JavaScript for impatient programmers
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7 Consoles: interactive JavaScript command lines



7.1 Trying out JavaScript code

You have many options for quickly running pieces of JavaScript code. The following subsections describe a few of them.

7.1.1 Browser consoles

Web browsers have so-called consoles: interactive command lines to which you can print text via console.log() and where you can run pieces of code. How to open the console differs from browser to browser. Fig. 3 shows the console of Google Chrome.

To find out how to open the console in your web browser, you can do a web search for “console «name-of-your-browser»”. These are pages for a few commonly used web browsers:

Figure 3: The console of the web browser “Google Chrome” is open (in the bottom half of window) while visiting a web page.

7.1.2 The Node.js REPL

REPL stands for read-eval-print loop and basically means command line. To use it, you must first start Node.js from an operating system command line, via the command node. Then an interaction with it looks as depicted in fig. 4: The text after > is input from the user; everything else is output from Node.js.

Figure 4: Starting and using the Node.js REPL (interactive command line).

  Reading: REPL interactions

I occasionally demonstrate JavaScript via REPL interactions. Then I also use greater-than symbols (>) to mark input – for example:

> 3 + 5
8

7.1.3 Other options

Other options include:

  Consoles often run in non-strict mode

In modern JavaScript, most code (e.g., modules) is executed in strict mode. However, consoles often run in non-strict mode. Therefore, you may occasionally get slightly different results when using a console to execute code from this book.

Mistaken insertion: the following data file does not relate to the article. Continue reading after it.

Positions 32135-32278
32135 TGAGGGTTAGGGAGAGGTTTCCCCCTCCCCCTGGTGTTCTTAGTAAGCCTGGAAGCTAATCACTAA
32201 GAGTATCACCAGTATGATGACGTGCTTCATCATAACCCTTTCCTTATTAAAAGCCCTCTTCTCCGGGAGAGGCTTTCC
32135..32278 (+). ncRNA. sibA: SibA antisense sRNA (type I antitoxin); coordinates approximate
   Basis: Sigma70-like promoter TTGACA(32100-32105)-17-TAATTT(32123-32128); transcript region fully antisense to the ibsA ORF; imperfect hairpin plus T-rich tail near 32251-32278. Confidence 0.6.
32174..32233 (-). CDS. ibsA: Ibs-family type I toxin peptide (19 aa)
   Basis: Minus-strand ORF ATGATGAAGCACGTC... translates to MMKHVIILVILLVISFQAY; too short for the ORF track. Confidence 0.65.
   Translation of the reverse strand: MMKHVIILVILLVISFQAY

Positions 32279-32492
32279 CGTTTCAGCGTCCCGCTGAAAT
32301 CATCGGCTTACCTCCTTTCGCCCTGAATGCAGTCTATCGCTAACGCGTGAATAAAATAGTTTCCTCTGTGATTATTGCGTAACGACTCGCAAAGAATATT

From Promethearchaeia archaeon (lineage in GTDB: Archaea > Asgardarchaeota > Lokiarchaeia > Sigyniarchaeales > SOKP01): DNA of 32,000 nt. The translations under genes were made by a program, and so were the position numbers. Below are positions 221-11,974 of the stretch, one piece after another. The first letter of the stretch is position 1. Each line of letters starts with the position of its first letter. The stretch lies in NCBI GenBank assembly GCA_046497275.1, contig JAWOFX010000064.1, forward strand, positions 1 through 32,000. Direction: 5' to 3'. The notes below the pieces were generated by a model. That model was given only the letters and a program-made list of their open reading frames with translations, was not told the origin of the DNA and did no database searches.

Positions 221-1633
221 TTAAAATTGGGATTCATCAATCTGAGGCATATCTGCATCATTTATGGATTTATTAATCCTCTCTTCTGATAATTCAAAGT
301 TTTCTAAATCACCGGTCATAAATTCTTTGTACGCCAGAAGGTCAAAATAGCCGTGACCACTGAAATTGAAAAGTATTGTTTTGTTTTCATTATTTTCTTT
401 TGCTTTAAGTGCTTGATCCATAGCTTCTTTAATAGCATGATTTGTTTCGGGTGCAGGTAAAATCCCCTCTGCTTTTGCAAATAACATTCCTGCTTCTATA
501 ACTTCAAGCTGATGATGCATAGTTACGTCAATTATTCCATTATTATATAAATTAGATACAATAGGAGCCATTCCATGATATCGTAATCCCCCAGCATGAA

7.2 The console.* API: printing data and more

In browsers, the console is something you can bring up that is normally hidden. For Node.js, the console is the terminal that Node.js is currently running in.

The full console.* API is documented on MDN web docs and on the Node.js website. It is not part of the JavaScript language standard, but much functionality is supported by both browsers and Node.js.

In this chapter, we only look at the following two methods for printing data (“printing” means displaying in the console):

7.2.1 Printing values: console.log() (stdout)

There are two variants of this operation:

console.log(...values: any[]): void
console.log(pattern: string, ...values: any[]): void
7.2.1.1 Printing multiple values

The first variant prints (text representations of) values on the console:

console.log('abc', 123, true);
// Output:
// abc 123 true

At the end, console.log() always prints a newline. Therefore, if you call it with zero arguments, it just prints a newline.

7.2.1.2 Printing a string with substitutions

The second variant performs string substitution:

console.log('Test: %s %j', 123, 'abc');
// Output:
// Test: 123 "abc"

These are some of the directives you can use for substitutions:

7.2.2 Printing error information: console.error() (stderr)

console.error() works the same as console.log(), but what it logs is considered error information. For Node.js, that means that the output goes to stderr instead of stdout on Unix.

7.2.3 Printing nested objects via JSON.stringify()

JSON.stringify() is occasionally useful for printing nested objects:

console.log(JSON.stringify({first: 'Jane', last: 'Doe'}, null, 2));

Output:

{
  "first": "Jane",
  "last": "Doe"
}